Good news is something we’re all searching for today, high and low. Yesterday was a rough day in the news, and as usually happens when something tragic and horrible takes place, the tragic bombing yesterday at the Boston Marathon got me thinking about my life in a philosophical way. As I tucked my little son Charming into bed last night, I tried to refrain from weeping as I repeated to him the words another mother, Mister Fred Rogers’ told him when he was fearful,
“Look for the helpers. You will always find people who are helping.”
Charming in turn thought about all the good and helpful things people had done in Boston, and all over the globe during the tragedy of the day, repeating them to me one at a time as he drifted off to sleep. In the end his little worried mind was too much to handle and he found himself tossing and turning, restlessly fighting for slumber. We bantered quietly across the hallway separating our bedrooms as I tried to comfort him for the better part of an hour when finally I called out for him to come tuck himself in bed next to me, to find solace in the crook of my familiar, comforting, warm body.
As he snuggled into my arms, smelling of chlorine and little boy, he sleepily he whispered to me, “I tried all my tricks to fall asleep except the one that always works, snuggling with my mama.”
He was asleep in seconds.
As I carried a sleeping Charming back to his own room a few hours later, I found myself searching for my own dose of comfort. I thought about my favorite grandmother and what she would have said to me as I struggled to make sense of sadness of the day. My good, dear grandmother lived nearly a century, gracefully enduring some of the worst times in recent history with aplomb, and though she was as snarky and ornery as the rest of us, she was good and smart and kind, and always knew what to say when things were rough, which was often:
Don’t worry love, this too shall pass.
Grandma grew up in Oakland, California where her family settled after leaving Iowa on a 6-day train ride across the country with little more than a basket of home fried chicken and some personal belongings in search of a better future. She and her sister Alice narrowly survived the Spanish Flu of 1918 that killed almost everyone they knew, sending her into such shock she ended up in a yearlong depression, temporarily sidelining her college dreams. She put herself through nursing school in San Francisco, persistently hungry without a penny in her pocket, where she was incessantly belittled by the chauvinist doctors at the hospital where she washed, nursed, and cared for patients all day before walking home each night. Grandma watched helplessly as her favorite weekend dance partners headed across the ocean to fight and die in World War I, then fell in love with and married my grandfather with whom she bore four and lost two children.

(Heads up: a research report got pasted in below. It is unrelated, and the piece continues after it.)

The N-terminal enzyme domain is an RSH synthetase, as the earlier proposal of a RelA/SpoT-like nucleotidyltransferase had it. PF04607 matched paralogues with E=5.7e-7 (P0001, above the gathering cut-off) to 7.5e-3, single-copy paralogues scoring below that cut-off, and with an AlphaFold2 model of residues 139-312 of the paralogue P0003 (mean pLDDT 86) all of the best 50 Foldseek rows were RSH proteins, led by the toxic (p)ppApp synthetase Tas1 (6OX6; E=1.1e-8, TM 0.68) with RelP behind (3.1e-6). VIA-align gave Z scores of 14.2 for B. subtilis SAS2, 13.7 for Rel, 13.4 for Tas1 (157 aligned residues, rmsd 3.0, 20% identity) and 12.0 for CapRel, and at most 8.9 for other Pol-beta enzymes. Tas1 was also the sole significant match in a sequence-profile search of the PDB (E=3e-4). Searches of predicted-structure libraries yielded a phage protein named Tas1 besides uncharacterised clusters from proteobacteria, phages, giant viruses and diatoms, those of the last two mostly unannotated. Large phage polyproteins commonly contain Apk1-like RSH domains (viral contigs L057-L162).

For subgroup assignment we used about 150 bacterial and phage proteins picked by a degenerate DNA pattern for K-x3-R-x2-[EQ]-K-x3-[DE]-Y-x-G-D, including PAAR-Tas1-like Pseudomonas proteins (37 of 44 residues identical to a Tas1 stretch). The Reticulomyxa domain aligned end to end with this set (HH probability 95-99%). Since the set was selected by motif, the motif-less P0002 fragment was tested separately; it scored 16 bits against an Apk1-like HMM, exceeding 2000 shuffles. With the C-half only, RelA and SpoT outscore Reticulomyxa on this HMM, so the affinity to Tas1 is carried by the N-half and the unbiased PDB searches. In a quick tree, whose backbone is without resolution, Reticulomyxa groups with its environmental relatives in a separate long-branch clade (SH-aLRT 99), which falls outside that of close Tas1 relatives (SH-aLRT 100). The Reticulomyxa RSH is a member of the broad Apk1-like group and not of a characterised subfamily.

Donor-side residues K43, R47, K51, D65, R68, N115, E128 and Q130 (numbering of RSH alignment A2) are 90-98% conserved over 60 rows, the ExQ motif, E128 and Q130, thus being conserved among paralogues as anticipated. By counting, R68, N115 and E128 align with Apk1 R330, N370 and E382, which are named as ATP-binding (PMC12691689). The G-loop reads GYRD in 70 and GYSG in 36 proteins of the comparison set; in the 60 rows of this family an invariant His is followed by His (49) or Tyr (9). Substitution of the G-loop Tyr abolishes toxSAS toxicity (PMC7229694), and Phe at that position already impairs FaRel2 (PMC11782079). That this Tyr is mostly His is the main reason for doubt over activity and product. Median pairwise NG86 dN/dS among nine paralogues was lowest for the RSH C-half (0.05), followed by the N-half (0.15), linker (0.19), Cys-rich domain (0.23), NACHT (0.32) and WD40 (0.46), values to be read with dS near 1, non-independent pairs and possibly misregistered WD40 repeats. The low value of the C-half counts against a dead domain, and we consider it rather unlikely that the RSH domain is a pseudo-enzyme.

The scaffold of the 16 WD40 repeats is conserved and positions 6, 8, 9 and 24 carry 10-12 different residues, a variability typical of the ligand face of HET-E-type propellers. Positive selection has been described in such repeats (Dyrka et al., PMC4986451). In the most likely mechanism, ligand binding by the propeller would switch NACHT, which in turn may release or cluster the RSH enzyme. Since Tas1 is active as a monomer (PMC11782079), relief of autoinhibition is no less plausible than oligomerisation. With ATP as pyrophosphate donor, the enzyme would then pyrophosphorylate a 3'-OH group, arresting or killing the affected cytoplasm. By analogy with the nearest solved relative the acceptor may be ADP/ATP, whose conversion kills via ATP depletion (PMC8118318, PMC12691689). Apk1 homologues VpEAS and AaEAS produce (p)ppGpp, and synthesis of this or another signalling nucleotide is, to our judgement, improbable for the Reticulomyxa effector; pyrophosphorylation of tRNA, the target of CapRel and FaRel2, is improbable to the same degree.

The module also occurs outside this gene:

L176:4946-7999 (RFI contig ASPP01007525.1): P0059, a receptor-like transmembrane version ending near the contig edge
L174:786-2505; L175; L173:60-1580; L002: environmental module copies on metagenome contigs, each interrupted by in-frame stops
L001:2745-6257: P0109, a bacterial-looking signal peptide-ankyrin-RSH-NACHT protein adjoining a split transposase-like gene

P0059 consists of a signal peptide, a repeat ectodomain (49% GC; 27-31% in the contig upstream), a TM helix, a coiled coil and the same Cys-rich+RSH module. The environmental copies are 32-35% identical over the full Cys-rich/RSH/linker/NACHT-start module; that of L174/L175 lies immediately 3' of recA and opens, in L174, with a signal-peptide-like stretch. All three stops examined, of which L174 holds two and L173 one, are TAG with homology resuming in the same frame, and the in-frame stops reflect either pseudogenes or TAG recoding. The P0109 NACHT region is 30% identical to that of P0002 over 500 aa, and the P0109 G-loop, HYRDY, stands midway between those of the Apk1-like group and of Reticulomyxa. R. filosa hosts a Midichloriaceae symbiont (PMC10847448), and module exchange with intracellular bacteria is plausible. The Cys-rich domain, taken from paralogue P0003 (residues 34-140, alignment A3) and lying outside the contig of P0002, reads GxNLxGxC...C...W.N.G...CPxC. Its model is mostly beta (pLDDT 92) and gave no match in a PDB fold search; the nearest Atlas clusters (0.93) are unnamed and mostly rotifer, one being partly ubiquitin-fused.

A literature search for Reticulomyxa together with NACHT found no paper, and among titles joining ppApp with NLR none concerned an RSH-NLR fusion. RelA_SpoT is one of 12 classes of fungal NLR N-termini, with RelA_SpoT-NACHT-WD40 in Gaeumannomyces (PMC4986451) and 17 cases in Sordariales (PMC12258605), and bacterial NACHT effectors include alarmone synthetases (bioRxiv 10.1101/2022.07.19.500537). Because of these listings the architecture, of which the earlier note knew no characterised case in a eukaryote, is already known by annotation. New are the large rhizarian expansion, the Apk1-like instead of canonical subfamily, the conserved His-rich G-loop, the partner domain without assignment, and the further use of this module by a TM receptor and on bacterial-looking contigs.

Being married to one of the two founders of the engineering program at B.Y.U., grandma entertained university presidents and deans of various colleges while single-handedly mothering, advising, and feeding half the neighborhood strays and homesick international students of my grandfather’s at the university. And while World War II waged on, taking grandpa far across the globe as a sought after civil engineer, grandma was once again left at home to pick up the pieces with little more support than long-distance love letters from my grandfather.
The Korean war came and went, then Vietnam, for which her youngest son and all the neighborhood boys she’d raised enlisted together, and many of whom never came home. In the middle of the Vietnam War, grandma decided to finish the one thing she’d always regretted leaving, and enrolled at B.Y.U. to finish college right along with her youngest child, my mother. She continued to feed, counsel, nourish, and mother all the forgotten children in her path, studying and writing for college tests and papers in-between working night shifts as a nurse at the state mental hospital and university classes all day. Eventually grandma graduated from B.Y.U. along with my mother, and a full head of white hair, at the age of 56. She had terrific grades and was accepted into a good graduate school program but was talked out of it by a friend, which she always regretted.
From her 60’s through her early 90’s my grandmother was as much a mother to me as my own, and took care of and had a prominent role in the lives of her children and grandchildren. Grandma made her corner of the world a warm and safe abode for the lonely and downtrodden while she watched the world wage senseless war, after war, after war. And on September 11, 2001, three months before her death, my grandmother watched on with sad, sage eyes as the twin towers burned to the ground. It was almost more than even she could take.
But time and again, regardless of my personal heartbreak and that of the world, with great kindness grandma would always repeat to me, without irony:
Don’t worry love, this too shall pass.
And so as I tuck my small people into bed tonight, trying to assure them of their safety in this terrifying world, I will whisper into their tender little ears the words of my beloved grandmother with some added wisdom of my own,